Franklin was an optimist. Even in the dire situation he was in, he still believed that everyone had a chance of surviving. At first, when he despaired, when he ‘was silent for a few moments’, when ‘he rejected quite calmly at first, the thought of getting home’, he thought he would die. However, he surveyed his situation and realized that ‘they had plenty of height and he was not afraid’. He knew he still had a chance of surviving if he tried. Even in an airplane with broken propellers and falling out of the sky, he found the strength and courage to keep calm and keep him and his crew alive. The chances were slim, the journey would be tough, but Franklin did not give up. He saw a glimmer of hope in the dark sky of despair and knew that was his way out. He was so certain of their survival that he gave the crew instructions on what they had to do once they got off the broken and falling right towards the ground airplane of theirs. He was optimistic about them getting out in one piece and even surviving landing in German occupied territory. When O’Conner said that the French were all crooks, Franklin confidently said that they’re ‘going to find that out’. That meant he was not only confident of getting out of the falling plane safely, but will manage to get past the French and German territory.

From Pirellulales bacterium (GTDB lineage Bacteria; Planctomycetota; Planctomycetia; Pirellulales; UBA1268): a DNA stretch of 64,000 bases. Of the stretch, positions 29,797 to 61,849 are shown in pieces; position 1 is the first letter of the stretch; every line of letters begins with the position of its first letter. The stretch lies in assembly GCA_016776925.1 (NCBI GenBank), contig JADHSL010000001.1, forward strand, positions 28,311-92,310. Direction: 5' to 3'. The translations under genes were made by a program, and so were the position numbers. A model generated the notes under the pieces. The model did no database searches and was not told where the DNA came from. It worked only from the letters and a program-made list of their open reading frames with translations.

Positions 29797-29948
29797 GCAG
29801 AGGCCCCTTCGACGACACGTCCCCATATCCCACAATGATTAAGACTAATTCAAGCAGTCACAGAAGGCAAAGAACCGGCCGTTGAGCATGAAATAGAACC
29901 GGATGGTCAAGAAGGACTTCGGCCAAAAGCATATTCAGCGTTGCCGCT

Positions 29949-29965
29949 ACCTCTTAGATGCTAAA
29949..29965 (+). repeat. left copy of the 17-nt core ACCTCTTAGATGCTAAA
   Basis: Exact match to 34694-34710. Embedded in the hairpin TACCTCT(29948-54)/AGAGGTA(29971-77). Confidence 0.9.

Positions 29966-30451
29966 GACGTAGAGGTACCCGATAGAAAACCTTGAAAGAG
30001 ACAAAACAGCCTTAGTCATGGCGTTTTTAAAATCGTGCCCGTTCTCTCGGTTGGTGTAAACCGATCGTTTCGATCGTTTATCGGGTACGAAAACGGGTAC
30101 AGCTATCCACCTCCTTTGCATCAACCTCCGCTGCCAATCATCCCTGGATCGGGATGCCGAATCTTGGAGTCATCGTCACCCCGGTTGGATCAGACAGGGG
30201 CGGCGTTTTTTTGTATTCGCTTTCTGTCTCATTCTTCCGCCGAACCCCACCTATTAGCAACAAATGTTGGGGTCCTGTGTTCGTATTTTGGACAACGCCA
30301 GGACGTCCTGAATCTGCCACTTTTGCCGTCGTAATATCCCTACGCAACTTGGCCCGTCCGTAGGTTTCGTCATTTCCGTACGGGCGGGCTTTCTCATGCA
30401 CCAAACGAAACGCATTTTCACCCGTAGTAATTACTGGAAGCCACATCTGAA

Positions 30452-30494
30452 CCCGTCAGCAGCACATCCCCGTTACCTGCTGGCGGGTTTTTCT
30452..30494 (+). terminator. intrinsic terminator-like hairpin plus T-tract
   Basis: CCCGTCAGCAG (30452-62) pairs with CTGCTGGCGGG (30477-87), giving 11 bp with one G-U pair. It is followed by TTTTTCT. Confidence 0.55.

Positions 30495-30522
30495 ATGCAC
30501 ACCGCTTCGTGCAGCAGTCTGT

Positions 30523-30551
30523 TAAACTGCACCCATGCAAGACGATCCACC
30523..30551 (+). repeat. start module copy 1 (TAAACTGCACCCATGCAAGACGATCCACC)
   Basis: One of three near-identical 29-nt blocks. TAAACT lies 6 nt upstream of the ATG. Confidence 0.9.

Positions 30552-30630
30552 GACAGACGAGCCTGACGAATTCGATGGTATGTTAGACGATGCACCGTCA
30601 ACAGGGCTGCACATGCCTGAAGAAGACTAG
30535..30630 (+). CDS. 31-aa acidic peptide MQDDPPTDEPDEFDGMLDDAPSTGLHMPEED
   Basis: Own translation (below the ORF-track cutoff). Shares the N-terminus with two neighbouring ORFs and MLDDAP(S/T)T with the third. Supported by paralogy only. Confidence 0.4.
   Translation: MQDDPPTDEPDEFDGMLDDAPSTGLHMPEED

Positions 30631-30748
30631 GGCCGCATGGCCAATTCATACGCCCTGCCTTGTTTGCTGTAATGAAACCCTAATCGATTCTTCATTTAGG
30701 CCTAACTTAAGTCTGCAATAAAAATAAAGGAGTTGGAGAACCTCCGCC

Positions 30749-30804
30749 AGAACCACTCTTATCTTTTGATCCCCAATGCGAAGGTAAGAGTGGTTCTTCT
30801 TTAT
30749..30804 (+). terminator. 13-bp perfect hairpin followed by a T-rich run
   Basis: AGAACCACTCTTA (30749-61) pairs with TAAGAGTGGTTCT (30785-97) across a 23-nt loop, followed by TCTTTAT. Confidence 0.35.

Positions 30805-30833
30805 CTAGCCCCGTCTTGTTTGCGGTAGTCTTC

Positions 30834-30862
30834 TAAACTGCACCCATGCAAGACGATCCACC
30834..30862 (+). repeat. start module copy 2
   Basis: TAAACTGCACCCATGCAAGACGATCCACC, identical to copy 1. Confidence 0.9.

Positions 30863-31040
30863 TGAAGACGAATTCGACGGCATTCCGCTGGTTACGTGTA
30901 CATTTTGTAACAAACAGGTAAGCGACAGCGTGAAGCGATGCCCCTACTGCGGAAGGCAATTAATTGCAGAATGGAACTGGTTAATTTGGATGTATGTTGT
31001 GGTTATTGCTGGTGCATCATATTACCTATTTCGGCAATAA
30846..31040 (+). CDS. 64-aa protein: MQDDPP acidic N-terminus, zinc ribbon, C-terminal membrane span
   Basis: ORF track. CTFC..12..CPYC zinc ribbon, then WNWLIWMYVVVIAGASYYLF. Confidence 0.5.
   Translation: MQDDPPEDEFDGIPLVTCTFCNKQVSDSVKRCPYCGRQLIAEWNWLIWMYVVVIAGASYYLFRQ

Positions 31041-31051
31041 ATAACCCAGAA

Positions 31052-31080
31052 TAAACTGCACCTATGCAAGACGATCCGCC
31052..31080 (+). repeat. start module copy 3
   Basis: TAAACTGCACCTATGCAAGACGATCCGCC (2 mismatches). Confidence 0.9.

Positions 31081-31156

Franklin was practical. He knew that when the plane went down, the only thing preventing him from dying was he. If he wanted to save him and his crew, he had to take the chances he got and save them all. He knew the lives of those on the airplane were in his hands, so he plainly laid it to them that they were ‘going to land within the next five or ten minutes’. He knew that the airscrew was broken and that landing properly were their only chance of survival. Nothing else could be done, it was their only hope. Franklin could not afford to panic or give up, for if he did, then their deaths were certain. Thus, he was practical in his decisions and gave the crew instructions...
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